Durrell Conservation Academy: a hub for worldwide conservation optimism
“Thus the trust would become a form of university…where people can get the correct training…and then take their talents back to conservation units throughout the world” Gerald Durrell, the Stationary Ark, 1976
Let me start with a question, what do a painted terrapin, a Nigerian leopard, a hyacinth macaw, a striped bass, a gharial and an Aldabra rail have in common? Yes, they are certainly all animals, but this mixed bag of species from all corners of the world have recently been united in another unexpected way, through stories of conservation optimism which have been shared at the Durrell Conservation Academy in 2018.
Between January and April this year, the small island of Jersey played host to the Durrell Endangered Species Management course. This is a bit of a mouthful, so we call it DESMAN for short. By a happy coincidence, a desman is also a small mammal species, but I digress. Every year, an international group of conservationists converge on the Channel Islands to participate in the DESMAN course, staying onsite at Jersey Zoo, the headquarters of Durrell Wildlife Conservation Trust. This year we welcomed fifteen students from twelve countries, and during their three-month stay they learned about a vast range of topics related to conservation, ranging from radio tracking to leadership, from genetics to human-wildlife conflict.
Every Friday, our students have been contributing to the Conservation Optimism movement, sharing positive stories from their own experiences and celebrating successes. All of the species I mentioned in the first paragraph have popped up, many acting as motivational case studies of species recovery and survival. For example, Joko has converted us all into massive fans of the painted terrapin, a critically endangered freshwater turtle which he is working to safeguard in Indonesia. During the course, over three hundred hatchlings were born in a captive facility, with the aim of future release into the wild. In similarly encouraging stories, Ella told us about the recovery of the Aldabra rail in the Seychelles, and Stephane highlighted the return of the striped bass to rivers in Quebec. We also saw a tantalising camera trap photo from Nigeria, as Charles shared the excitement of a leopard sighting in a forest from which the species had previously vanished. The positive stories were not limited to animals, and Sabah gave us an insight into exciting uses of new technology to engage people with conservation, through initiatives such as Skype a Scientist and nature-themed apps.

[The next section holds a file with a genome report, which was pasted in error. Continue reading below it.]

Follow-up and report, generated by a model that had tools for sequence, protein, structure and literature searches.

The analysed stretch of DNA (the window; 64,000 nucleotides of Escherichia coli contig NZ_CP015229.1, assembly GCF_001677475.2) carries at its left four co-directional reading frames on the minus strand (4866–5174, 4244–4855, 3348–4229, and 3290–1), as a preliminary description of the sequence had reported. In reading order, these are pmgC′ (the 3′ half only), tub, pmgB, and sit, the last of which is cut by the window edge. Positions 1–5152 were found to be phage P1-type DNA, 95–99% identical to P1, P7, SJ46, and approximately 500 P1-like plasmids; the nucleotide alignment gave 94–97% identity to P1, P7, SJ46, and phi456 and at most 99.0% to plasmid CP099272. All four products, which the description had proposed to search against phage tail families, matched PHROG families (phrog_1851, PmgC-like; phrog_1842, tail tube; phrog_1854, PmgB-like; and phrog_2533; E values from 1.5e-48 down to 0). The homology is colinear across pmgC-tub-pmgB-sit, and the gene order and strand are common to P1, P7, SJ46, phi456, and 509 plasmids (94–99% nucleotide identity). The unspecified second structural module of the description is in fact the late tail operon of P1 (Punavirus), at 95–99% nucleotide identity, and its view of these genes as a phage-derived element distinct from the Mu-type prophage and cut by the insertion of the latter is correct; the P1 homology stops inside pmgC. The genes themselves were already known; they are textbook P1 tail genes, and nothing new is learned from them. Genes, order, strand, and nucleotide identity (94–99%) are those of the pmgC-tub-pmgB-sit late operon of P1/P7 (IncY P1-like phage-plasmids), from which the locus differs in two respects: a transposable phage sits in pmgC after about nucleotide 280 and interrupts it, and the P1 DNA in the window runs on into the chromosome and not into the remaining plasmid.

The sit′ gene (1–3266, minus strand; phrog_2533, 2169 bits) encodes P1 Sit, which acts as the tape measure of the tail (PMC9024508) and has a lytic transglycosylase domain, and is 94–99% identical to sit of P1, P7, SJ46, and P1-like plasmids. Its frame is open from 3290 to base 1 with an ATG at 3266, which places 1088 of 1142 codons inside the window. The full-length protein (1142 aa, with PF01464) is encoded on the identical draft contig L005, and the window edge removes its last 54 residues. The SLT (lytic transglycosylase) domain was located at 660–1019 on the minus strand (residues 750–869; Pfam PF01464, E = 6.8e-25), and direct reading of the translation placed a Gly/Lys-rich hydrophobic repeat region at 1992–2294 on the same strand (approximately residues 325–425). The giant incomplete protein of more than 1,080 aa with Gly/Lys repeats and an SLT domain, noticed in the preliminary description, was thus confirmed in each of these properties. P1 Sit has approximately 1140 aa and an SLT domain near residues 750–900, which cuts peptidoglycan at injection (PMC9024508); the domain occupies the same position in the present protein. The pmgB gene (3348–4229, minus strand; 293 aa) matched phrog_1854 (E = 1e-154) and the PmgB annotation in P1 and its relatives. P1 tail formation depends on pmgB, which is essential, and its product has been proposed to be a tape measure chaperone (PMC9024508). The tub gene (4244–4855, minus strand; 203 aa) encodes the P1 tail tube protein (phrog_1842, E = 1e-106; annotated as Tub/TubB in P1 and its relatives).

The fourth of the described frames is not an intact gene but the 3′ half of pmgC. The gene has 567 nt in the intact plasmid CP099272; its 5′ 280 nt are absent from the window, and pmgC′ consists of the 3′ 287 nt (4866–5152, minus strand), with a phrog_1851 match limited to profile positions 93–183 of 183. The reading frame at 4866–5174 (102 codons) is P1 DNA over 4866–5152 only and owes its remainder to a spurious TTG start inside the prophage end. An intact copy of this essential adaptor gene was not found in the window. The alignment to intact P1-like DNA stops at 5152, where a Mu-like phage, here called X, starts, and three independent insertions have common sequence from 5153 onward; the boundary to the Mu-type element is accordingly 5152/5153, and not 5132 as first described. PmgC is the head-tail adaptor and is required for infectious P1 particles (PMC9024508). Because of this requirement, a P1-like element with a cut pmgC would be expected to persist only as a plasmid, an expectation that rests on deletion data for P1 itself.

Through these examples and many others, positive messages have been passed around the DESMAN group. Furthermore, the students have encountered more encouraging conservation stories by learning about the species that Durrell has worked with. Durrell’s teams around the world have contributed to safeguarding many animals at the brink of extinction, including the Mauritius kestrel, orange-tailed skink, mountain chicken (which is in fact a frog, not a chicken!), pygmy hog and St. Lucia parrot to name a few. Prior to conservation interventions, all these species had been reduced to a handful of individuals in the wild. Durrell’s efforts highlight that there is always hope for conservation, and show that there can be cause for optimism even in seemingly desperate situations.
The DESMAN course itself represents an opportunity to create positive momentum for wildlife, bringing together dedicated conservationists from thousands of miles apart, sharing knowledge with each other and with Durrell. Hundreds of students have completed the course since its inception in the late 1980’s, and this year’s cohort perfectly encapsulates the diversity that is DESMAN’s great strength. From 2018’s group, spanning a dozen nations and many professions, have sprung a huge variety of reasons to be optimistic. Undoubtedly, all of the group will encounter obstacles during their future conservation work at home, with moments in which it is very hard to see a positive side. However, we hope that sparks of optimism will continue to drive our students forward, and we look forward to hearing fresh, motivational success stories as they apply newfound skills to their target species and habitats. As Gerald Durrell himself wrote, the motto of conservation should be ‘never say die’, and the terrapins, rails and leopards of DESMAN 2018 are proof of those words in action.
If you would like to know more about DESMAN 2019 or any of Durrell’s other conservation training courses, then please see the link for more information: